Director, Archive, Museum, Manuscript & Print Studies

Adrea Denny-Brown Andrea Denny-Brown (Department of English) studies late medieval European poetry and material culture, specializing in the way poetic motifs curate material practices and cultural notions about materiality. She has worked extensively in the archives of the Huntington Library and the British Library and has studied archival objects from the Bibliothèque Nationale de France, the New York Public Library, the Pierpont Morgan Library, the Victoria & Albert Museum, the Vienna Kunsthistorisches Museum, and a variety of university archives, where she likes to dig up long-forgotten correspondence from the turn of the century medievalists. With generous support from a UCR IUIT grant, Denny-Brown recently collaborated with curators from the Huntington Library to fully digitize a selection of late medieval manuscripts hand-written in English for UCR students to study and research. She teaches graduate and undergraduate courses on archive theory, medieval manuscript studies, fashion theory, and a variety of courses that study connections between medieval literature and the decorative arts.

Professor Denny-Brown is the author of Fashioning Change: The Trope of Clothing in High- and Late-Medieval England (The Ohio State UP, 2012) and the guest editor of a double issue of Exemplaria on The Provocative Fifteenth Century. She has co-edited two books of essays: Lydgate Matters: Poetry and Material Culture in the Fifteenth Century (Palgrave Macmillan, 2008), and The Arma Christi in Medieval and Early Modern Material Culture: With an Edition of ‘O Vernicle’ (Ashgate, 2013). She served as an editor of the journal Exemplaria: Medieval/Early Modern/Theory from 2017-2020.


Participating Faculty & Staff

Jodie Benjamin Jody Benjamin (Department of History) joined UCR’s History Department in 2015. His research focuses on the 18th and 19th-century transformations reshaping western Africa up to the early colonial period. He analyzes western Africa’s role in the rise of global cotton through attention to its material culture, consumption patterns, and fashion; thus charting the region’s integration into a global economy dominated by capitalist networks. Trained as a historian in the Department of African and African American Studies at Harvard, Dr. Benjamin deploys a set of interdisciplinary strategies both to map and to re-interpret Africans’ roles in shaping the contemporary world. Dr. Benjamin is currently completing a book manuscript, The Texture of Change: Clothing, Commerce, and History in Western Africa during an Atlantic Age.”

Ohio University Press. His work has been supported by the NEH, the UC Regents, UCHRI, the Hellman Fellows Fund, and the John Carter Brown Library at Brown University, where he was the Ruth and Lincoln Ekstrom Fellow.

Dr. Benjamin is currently organizing a Mellon Sawyer Seminar that is titled, “Unarchiving Blackness: Why the Primacy of African and African Diaspora Studies Necessitates a Creative Reconsideration of Archives.” To be to hosted by CHASS in 2022-23, the yearlong Sawyer Seminar will bring together an international, cross-disciplinary group of scholars to explore the making of archives (both past and present) and methodological approaches to archives within the humanities that counter violence and dehumanization with ethics that can imagine thriving futures for African and Black people globally.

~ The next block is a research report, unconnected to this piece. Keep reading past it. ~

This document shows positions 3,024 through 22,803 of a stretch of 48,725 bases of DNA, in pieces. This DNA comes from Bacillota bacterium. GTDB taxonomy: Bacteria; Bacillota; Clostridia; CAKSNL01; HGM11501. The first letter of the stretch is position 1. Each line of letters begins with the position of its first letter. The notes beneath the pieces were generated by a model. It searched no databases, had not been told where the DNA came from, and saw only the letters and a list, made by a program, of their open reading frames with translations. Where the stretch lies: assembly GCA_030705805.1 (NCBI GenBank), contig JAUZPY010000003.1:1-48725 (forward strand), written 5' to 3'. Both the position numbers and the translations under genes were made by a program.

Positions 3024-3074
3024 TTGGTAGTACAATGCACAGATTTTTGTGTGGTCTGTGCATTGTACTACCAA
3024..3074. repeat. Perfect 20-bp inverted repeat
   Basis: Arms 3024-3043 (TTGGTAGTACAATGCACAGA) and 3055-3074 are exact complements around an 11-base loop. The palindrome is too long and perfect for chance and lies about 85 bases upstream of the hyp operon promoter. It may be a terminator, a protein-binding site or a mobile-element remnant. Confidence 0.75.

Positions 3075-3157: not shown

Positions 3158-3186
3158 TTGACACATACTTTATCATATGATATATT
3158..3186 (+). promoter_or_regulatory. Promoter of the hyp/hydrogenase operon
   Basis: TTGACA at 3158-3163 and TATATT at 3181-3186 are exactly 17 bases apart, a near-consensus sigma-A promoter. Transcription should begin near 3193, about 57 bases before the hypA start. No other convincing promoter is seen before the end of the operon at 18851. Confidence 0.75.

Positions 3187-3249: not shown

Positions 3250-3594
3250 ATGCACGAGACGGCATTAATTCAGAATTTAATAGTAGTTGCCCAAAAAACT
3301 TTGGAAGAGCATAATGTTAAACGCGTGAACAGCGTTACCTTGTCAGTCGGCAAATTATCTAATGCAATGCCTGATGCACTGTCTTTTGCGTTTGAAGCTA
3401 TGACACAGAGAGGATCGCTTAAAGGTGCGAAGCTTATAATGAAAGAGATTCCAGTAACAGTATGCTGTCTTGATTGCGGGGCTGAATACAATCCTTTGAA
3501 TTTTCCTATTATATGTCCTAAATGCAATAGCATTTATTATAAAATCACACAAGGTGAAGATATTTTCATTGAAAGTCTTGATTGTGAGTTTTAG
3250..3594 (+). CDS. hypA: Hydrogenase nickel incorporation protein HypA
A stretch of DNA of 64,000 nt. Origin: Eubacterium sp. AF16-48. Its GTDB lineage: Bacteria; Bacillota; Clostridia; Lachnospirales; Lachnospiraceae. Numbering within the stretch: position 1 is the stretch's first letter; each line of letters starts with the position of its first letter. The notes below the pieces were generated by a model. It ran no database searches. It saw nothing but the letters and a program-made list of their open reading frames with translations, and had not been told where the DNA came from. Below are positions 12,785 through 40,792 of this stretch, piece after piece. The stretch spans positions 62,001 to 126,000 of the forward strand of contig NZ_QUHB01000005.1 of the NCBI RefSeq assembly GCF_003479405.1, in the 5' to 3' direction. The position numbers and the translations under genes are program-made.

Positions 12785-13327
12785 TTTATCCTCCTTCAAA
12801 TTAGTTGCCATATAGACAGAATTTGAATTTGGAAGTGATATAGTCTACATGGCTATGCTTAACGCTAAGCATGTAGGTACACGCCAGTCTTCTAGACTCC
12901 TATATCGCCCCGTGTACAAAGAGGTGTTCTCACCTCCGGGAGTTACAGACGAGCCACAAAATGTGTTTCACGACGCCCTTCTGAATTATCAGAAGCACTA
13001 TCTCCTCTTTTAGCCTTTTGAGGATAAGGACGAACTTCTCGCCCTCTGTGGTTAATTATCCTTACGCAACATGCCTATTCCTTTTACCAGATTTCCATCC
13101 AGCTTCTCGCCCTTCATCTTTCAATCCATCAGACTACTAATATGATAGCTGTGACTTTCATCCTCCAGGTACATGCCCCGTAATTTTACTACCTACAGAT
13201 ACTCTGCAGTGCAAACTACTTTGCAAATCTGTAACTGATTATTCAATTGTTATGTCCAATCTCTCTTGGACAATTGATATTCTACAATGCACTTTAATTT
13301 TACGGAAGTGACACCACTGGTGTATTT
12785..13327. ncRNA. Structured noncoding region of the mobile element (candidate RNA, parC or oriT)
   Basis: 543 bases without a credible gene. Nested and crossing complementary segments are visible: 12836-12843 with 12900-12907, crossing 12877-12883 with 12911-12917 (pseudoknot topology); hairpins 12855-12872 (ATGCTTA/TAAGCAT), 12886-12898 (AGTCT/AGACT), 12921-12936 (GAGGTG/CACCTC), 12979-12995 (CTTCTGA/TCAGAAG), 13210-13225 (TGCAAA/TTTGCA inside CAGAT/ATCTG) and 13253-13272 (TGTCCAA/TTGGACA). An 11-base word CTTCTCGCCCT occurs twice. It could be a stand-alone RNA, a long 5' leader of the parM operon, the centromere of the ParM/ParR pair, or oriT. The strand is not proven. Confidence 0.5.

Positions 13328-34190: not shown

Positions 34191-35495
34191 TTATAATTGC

Heidi Brayman Heidi Brayman (Department of English) studies and teaches early modern English literature and culture (1500-1700), governed by a fascination with fragmentary evidence surviving in printed books, manuscripts, and other material objects. She is currently finishing “Soundproof: Deafness, Muteness, and Alterabilities in Early Modern England, 1485-1700,” a monograph that traces vocal silence across pre-Reformation abbeys, sign language manuals, devotional poetry, crime pamphlets, and theatrical practice.

Her first book, Reading Material in Early Modern England: Print, Gender, and Literacy (Cambridge UP, 2005), turned from theory to archives to uncover habits and experiences of reading. The archival research for Reading Material first took her into the rare book stacks at the Huntington Library and then into another 25 rare book libraries, archives, and private collections, impressing upon her that any cultural history is, in fact, a history of particular archives. Across three co-edited volumes, she has delighted in scholarly collaboration and centered book history, reading practices, and archival questions: with Catherine Kelly, Reading Women: Literacy, Authorship, and Culture in the Atlantic World, 1500-1800 (U of Pennsylvania Press, 2007), with Ian Moulton, Teaching Early Modern English Literature from the Archives (MLA Options for Teaching, 2015), and with Jesse Lander and Zachary Lesser, Books in History, Books as History: New Intersections of the Material Text (Yale UP, 2016).